AstraZeneca, the Ghana Health Service and PATH Ghana have marked the one-year anniversary of the Healthy Heart Africa programme’s launch in Ghana.
Over the first year of implementation, the programme has conducted over 275,800 blood pressure screenings in communities; identified over 44,500 elevated blood pressure readings; and diagnosed over 10,200 people with high blood pressure, contributing to national testing efforts.
The partnership seeks to contribute to the prevention and control of cardiovascular diseases (CVD) in Ghana, with the emphasis on hypertension.
In 2014, the Ghana Demographic and Health Survey reported a 13.0% prevalence of hypertension among persons aged 15 to 49 years.
Prevalence among male respondents was 12.1% and 13.4% among females. Among those who were diagnosed with hypertension, 45.6% were previously aware of their hypertension status, 40.5% were receiving treatment for the condition, and 23.8% had their blood pressure controlled.
“Ghana Health Service has worked with the Healthy Heart Africa programme to increase awareness and demand for hypertension services by maximising opportunities for screening and linking patients to care.
“On the occasion of the programme’s one-year anniversary in Ghana, I wish to express our gratitude for the programme’s support in improving hypertension service delivery in the Ashanti Region, and to emphasize the need to be aware of the dangers of elevated blood pressure – particularly amid the COVID-19 pandemic – and to seek help when needed. Ghana Health Service will continue to support and commit to working in partnership with the Healthy Heart Africa programme to improve health outcomes for persons living with hypertension in the region and Ghana,” said Dr. Patrick Kuma-Aboagye, Director General of the Ghana Health Service.
The programme is currently implemented in 35 facilities within seven districts of the Ashanti Region, and has trained over 120 healthcare workers to provide education and awareness, screening and treatment. In addition, HHA has provided blood pressure screening equipment and patient education materials to improve on the quality of care.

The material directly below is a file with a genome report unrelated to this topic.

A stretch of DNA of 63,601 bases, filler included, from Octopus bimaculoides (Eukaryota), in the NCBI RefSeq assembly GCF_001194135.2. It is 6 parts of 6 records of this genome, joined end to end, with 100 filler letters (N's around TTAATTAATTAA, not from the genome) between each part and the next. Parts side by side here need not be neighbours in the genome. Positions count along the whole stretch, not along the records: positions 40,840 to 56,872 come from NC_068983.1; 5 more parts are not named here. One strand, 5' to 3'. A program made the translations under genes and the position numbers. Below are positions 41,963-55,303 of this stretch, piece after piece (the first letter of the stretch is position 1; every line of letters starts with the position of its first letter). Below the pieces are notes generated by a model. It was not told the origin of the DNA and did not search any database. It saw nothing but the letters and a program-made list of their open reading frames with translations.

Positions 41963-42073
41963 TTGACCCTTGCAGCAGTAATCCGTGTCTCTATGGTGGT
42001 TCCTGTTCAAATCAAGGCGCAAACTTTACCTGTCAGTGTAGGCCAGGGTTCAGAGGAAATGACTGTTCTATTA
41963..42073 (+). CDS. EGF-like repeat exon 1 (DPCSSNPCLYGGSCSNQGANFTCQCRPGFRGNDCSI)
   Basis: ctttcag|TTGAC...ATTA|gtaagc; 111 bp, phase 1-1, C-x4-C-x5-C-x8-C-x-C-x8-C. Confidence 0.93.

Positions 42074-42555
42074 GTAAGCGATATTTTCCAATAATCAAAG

“The importance of access to healthcare and strengthening local health systems’ resilience through training and guidelines has been spotlighted by the challenges that the global healthcare community is currently facing in managing the COVID-19 pandemic. I am pleased to mark one year of the Healthy Heart Africa programme’s implementation in Ghana, with the results demonstrating the work in partnership and commitment of local stakeholders to address the burden of non-communicable diseases (NCDs). We commend the Ghana Health Service for their unwavering partnership and support as we work together on contributing to the achievement of our shared goals to expand prevention of NCDs, raise health awareness and improve hypertension care in the country,” said Ashling Mulvaney, Global Head of Access to Healthcare, Global Sustainability, AstraZeneca.
Even though high blood pressure is a rising problem for populations in Ghana, national understanding and awareness of its prevalence, treatment and control is limited. Working with community health nurses and community health volunteers, the HHA programme has integrated education on lifestyle modification and blood pressure measurement at the community level.
This strategy has extended reach to a larger number of people in a more cost-effective way, and significantly contributed to strengthening community health systems. “The COVID-19 pandemic has emphasised the urgency of strengthening access to care for NCDs. PATH has been pleased to implement this timely project in Ghana over the past year to improve access to hypertension detection and management. We appreciate AstraZeneca’s support, which has allowed us to quickly contribute to the COVID-19 response in Ghana and protect people living with NCDs whilst strengthening access to care,” said Helen McGuire, Director Non-Communicable Diseases, PATH.
Since launching in Kenya in 2014 and subsequently expanding to Ethiopia in 2016, Tanzania in 2018, Ghana in 2019 and Uganda in 2020,
- Conducted over 15.09 million blood pressure screenings in the community and in healthcare facilities
- Trained over 7,290 healthcare workers including doctors, nurses, community health volunteers and pharmacists to provide education and awareness, screening and treatment
- Activated 800 healthcare facilities in Africa to provide hypertension services
- Identified over 2.72 million people with elevated blood pressure.